Written Communication, 15 March 2002 To Lowell Skoog
Robert O'Callahan sent me information about skiing at Mt Pilchuck, based on his own recollections and on the 1980 writeup by Goldthorpe and Berndt. This information later appeared on his website at

The Mt Pilchuck ski area was located 34 miles east of Everett in Mt Pilchuck State Park. There were two double chairs (one above and one below the lodge) and four rope tows. The top of the upper chair was at 4,300' and the bottom of the lower chair was at 2,500'. Lift passes were $1-2 in 1958 (with one rope tow) and $3.50 in 1962-63 (with three rope tows). In 1963-64, when the upper chair opened, there was fifty-two feet of snow at the top of the lift. The lower lift, installed in 1967, was lighted for night skiing.

The area was operated in 1970-71 by Franz Gabl and Dick Mahlberg then taken over by Heather Recreation, Inc., led by Steve Richter and Joel Burke. An extensive building program added a new lodge and other facilities. In the late 1970s, problems renewing the ski area operating permit led to the area's closure on May 30, 1980.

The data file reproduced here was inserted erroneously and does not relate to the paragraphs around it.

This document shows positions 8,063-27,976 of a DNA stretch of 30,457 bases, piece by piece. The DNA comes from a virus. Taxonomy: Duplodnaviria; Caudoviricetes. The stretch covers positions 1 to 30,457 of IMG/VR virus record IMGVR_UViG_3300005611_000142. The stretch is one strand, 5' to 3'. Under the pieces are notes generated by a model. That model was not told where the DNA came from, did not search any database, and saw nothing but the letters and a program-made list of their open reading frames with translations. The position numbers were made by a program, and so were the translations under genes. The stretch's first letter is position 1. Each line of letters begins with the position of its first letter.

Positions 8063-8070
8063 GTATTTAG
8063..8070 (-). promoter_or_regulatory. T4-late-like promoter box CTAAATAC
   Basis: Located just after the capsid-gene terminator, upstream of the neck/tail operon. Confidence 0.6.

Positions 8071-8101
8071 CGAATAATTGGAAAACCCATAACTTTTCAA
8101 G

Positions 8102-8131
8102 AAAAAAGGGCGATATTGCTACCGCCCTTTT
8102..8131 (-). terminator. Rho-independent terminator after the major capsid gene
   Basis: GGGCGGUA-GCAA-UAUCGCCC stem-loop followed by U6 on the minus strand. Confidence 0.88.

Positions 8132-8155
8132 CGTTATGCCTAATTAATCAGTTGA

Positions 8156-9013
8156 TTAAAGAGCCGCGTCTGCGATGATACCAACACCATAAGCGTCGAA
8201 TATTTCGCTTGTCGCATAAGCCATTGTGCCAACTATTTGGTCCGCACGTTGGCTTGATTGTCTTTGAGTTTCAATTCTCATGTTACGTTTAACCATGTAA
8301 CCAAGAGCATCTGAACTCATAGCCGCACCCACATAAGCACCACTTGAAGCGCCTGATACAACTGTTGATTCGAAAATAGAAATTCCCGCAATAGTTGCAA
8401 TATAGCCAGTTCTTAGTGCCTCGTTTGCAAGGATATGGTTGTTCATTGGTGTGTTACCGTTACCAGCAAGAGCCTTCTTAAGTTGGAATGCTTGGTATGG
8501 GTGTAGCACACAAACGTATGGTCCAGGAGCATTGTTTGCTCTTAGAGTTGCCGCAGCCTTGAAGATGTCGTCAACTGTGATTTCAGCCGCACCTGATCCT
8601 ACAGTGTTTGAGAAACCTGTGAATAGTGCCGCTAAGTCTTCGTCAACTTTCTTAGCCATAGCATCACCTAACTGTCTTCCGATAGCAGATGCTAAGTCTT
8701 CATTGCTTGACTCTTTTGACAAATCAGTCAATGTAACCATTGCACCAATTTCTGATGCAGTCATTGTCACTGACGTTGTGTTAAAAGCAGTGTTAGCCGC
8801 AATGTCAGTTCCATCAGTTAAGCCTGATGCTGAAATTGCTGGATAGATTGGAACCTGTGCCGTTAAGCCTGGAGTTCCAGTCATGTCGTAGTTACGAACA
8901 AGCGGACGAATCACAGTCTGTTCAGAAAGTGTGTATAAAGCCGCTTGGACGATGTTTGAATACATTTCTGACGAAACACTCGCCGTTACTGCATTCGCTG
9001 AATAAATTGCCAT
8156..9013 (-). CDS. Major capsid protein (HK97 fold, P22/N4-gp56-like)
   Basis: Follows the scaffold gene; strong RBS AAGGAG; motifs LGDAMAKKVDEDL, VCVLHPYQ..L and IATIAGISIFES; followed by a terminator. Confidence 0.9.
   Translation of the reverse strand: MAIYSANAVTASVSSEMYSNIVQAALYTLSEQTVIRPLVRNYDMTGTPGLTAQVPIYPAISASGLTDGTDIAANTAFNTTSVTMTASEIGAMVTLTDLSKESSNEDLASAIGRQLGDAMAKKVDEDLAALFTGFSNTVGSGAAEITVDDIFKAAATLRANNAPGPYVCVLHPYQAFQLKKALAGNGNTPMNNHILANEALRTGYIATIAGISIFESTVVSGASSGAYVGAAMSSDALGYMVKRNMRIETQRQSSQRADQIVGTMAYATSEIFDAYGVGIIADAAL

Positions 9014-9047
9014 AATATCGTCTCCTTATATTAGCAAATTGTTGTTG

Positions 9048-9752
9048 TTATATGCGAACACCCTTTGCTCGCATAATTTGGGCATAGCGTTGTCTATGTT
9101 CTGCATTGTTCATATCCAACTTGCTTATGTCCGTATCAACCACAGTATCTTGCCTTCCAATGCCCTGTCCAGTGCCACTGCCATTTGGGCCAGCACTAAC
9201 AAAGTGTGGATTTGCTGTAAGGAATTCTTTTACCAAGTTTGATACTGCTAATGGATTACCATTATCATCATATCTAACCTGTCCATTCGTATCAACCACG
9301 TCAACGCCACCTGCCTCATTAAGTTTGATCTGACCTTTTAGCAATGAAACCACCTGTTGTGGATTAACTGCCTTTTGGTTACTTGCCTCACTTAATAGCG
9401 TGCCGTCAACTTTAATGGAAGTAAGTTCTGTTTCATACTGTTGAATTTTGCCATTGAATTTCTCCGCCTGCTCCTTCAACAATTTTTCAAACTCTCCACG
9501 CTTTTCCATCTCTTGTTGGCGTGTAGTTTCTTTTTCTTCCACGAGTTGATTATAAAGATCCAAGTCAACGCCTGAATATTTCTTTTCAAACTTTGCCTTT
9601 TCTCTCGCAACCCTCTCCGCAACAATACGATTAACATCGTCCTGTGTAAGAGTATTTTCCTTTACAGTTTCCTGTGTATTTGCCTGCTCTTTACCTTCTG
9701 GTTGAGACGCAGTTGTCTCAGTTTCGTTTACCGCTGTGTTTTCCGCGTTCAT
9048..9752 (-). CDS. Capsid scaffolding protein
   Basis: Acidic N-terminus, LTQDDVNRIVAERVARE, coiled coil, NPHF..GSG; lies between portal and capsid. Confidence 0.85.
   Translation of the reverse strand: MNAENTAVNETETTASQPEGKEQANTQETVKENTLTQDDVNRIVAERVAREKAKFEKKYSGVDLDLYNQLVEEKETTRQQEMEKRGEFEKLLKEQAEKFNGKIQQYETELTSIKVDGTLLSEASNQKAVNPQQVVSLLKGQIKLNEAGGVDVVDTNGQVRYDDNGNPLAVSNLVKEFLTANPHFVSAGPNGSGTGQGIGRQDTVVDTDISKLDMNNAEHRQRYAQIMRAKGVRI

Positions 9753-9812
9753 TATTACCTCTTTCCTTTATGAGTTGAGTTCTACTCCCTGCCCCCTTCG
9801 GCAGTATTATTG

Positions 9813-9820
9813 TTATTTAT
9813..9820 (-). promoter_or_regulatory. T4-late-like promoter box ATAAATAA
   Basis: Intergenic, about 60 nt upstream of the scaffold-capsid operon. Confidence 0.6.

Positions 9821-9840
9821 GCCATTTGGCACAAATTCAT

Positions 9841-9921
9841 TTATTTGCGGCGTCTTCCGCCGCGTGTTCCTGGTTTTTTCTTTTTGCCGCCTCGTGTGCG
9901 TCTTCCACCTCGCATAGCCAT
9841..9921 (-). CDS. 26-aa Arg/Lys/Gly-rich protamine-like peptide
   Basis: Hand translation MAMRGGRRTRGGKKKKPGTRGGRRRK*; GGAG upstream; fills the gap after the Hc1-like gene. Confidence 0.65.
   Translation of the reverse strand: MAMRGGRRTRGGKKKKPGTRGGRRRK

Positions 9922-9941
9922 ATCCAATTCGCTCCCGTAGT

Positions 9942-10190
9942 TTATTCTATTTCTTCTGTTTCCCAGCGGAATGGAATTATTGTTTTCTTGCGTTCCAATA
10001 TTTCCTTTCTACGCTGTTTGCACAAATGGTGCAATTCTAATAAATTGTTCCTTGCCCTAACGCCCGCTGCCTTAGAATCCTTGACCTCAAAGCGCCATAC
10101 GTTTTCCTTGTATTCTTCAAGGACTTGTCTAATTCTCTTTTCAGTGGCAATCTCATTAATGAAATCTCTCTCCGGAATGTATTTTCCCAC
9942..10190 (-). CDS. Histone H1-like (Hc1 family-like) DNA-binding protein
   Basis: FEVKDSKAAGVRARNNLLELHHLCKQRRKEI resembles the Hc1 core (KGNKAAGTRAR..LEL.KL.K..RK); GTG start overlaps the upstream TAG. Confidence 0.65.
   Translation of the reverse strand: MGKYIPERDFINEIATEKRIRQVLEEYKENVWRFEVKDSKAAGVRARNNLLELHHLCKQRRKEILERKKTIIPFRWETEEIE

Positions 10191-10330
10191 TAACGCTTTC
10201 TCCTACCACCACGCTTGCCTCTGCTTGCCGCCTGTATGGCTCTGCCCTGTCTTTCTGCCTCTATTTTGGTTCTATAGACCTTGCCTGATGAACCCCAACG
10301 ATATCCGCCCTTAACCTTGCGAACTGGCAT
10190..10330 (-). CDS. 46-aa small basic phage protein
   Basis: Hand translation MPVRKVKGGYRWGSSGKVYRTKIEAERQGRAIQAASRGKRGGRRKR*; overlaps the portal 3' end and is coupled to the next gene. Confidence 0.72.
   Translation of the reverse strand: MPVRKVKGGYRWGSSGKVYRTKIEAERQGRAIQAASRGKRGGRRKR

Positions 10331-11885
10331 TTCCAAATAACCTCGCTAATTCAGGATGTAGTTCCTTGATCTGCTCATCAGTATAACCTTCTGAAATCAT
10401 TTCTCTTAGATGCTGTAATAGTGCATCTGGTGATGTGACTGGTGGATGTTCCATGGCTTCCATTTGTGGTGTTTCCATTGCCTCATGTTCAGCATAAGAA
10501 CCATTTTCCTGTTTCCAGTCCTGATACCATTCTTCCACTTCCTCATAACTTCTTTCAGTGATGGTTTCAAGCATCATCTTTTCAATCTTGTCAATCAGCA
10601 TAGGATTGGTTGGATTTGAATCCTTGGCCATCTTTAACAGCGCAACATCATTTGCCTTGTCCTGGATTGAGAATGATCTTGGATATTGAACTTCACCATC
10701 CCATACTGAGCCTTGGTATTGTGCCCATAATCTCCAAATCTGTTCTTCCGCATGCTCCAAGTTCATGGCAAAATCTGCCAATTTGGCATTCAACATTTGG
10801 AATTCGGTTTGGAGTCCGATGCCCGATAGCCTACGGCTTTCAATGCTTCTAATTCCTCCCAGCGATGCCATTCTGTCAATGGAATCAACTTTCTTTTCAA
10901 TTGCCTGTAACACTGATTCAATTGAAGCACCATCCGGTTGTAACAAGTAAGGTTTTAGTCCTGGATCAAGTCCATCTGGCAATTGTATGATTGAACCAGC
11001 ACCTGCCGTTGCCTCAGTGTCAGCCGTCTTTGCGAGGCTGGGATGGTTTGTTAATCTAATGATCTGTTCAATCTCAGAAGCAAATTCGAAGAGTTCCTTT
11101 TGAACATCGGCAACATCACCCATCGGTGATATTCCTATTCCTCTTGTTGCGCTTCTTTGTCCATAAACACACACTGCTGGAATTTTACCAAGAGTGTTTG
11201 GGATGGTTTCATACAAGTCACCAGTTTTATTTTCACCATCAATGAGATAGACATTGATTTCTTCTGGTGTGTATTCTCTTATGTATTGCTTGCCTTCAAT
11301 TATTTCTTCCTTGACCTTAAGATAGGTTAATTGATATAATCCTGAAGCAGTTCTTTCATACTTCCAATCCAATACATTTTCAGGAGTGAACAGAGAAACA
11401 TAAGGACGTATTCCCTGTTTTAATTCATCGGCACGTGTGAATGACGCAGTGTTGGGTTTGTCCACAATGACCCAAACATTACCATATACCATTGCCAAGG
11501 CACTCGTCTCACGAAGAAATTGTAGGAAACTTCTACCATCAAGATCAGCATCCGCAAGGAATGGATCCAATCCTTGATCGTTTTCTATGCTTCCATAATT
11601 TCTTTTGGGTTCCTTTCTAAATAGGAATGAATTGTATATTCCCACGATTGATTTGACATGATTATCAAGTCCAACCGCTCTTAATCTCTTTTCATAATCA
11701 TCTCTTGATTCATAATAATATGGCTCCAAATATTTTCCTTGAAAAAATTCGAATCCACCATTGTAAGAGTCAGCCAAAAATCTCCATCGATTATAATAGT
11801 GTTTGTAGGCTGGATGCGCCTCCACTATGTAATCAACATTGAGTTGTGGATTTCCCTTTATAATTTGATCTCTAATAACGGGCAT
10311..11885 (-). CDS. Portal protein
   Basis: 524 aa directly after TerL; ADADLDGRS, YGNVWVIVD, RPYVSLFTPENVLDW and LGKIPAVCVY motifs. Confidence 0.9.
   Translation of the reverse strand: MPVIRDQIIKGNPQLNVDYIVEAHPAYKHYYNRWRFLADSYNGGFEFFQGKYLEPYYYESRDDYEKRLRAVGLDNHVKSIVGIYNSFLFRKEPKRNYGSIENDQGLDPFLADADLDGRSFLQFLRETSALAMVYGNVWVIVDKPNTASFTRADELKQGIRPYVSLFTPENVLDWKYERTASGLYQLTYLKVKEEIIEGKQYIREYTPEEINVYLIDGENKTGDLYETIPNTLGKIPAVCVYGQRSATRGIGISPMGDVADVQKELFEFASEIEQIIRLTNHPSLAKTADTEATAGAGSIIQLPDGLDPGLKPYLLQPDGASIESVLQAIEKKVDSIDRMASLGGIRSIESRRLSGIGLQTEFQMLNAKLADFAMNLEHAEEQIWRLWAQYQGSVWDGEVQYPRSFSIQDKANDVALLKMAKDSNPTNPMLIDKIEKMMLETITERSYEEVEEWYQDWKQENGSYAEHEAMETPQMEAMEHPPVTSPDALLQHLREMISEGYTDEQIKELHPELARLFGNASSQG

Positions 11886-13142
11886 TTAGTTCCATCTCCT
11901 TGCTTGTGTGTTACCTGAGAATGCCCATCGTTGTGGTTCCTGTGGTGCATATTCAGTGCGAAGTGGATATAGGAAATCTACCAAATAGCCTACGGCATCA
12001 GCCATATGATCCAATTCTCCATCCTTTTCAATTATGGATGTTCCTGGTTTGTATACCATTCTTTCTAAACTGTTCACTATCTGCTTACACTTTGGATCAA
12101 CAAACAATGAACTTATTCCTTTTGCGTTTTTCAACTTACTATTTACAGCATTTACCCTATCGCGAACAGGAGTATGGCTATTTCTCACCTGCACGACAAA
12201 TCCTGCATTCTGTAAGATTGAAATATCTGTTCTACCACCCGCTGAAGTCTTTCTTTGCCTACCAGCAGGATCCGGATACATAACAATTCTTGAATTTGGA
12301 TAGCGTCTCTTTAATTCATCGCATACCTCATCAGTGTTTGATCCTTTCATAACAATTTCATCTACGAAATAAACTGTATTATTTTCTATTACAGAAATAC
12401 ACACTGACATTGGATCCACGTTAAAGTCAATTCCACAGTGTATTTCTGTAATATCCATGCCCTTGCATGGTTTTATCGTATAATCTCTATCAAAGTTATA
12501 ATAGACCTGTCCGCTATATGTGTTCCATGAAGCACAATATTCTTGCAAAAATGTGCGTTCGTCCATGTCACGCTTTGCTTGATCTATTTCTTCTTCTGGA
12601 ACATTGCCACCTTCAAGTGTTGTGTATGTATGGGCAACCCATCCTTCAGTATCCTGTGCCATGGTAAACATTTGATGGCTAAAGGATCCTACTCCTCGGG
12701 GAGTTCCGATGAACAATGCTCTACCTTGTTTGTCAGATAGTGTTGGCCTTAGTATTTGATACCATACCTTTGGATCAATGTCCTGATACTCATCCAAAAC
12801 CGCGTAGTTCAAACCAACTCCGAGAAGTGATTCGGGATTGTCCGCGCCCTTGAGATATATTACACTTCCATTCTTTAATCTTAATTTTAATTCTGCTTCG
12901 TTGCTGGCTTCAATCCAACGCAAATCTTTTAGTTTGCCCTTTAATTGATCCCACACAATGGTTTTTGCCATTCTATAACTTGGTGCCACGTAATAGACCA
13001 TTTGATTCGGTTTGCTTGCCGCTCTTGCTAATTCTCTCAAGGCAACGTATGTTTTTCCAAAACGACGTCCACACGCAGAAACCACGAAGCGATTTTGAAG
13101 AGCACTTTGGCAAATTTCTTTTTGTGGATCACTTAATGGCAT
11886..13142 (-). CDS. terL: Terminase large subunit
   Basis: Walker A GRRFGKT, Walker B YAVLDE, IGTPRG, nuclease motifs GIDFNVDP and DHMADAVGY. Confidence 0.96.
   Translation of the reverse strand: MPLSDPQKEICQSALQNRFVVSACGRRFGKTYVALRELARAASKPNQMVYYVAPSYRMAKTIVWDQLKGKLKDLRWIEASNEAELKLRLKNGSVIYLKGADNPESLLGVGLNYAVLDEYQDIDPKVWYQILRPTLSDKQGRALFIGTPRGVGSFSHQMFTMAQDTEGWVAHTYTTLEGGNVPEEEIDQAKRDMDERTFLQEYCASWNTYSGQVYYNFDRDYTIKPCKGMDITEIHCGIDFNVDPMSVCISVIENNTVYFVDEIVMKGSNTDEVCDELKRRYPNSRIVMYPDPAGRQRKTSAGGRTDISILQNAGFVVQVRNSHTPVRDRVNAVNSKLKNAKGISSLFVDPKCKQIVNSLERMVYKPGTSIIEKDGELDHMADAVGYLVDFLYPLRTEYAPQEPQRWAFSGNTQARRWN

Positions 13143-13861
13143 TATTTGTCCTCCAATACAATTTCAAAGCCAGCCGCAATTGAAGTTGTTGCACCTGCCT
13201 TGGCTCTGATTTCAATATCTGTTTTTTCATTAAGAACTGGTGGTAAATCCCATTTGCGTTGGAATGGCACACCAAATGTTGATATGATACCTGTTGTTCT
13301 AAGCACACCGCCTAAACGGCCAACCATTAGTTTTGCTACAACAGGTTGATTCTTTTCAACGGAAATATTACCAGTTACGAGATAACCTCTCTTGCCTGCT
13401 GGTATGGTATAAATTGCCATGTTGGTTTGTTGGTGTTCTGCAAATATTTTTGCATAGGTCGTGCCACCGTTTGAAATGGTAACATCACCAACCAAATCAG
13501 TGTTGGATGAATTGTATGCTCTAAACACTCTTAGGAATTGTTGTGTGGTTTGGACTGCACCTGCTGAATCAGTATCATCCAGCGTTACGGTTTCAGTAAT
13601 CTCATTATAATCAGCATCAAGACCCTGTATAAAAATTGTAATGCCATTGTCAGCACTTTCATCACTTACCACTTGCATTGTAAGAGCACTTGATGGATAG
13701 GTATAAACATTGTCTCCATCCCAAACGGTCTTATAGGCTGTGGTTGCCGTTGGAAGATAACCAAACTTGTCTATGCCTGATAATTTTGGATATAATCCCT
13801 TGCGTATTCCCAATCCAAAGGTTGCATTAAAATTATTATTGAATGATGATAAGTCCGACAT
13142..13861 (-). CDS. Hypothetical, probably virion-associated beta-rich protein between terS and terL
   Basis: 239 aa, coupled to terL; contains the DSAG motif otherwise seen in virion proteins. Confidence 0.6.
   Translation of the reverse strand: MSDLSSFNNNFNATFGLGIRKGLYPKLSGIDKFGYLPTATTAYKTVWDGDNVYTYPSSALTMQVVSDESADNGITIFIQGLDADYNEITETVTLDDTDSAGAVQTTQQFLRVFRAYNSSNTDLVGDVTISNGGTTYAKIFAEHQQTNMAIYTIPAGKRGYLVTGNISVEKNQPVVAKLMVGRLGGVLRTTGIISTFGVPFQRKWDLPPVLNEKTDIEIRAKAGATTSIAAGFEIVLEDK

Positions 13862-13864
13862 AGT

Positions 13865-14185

The author mentions noteworthy people associated with the area including ski school director George Savage, instructor and eventual area operator Steve Richter, 1948 Olympic silver medalist Franz Gabl, and 10th Mountain veteran Dick Mahlberg. In the 1970s, the Pilchuck Ski Patrol was the team to beat in regional patrol competitions. Finally, the author recalls the personal challenge of skiing at this area. He went directly from Mt Pilchuck to a season at Aspen in 1972, where he won Dick Barrymore's pioneer freestyle mogul contest on the Ridge of Bell, Ajax Mountain: "With the area closed, people won't understand the challenge involved in skiing Mount Pilchuck's main chair. The forested areas and clearings on both sides of the chair were effectively off limits because of the upper chair cliff line. The cliff line was only milder at The Funnel, where skiers could generally negotiate the terrain, with that section of the run followed by a short gentler section before The Headwall cliff line and a major cross-slope ravine separating the top half from the lower half of the chair. The lower section of the main chair posed interesting problems, as the sharply-ravined slope was webbed by creek drainages. The awesome wet snowfalls, unpacked steep grades and frequent rains provided often-difficult snow surfaces. With no choice of named runs on the main chair which was free of trees in a wide swath under the chair line, the area might appear simple from a map until actually skiing it fast and non-stop. At that point the rolling, rough and constantly changing fall line presented significant challenges."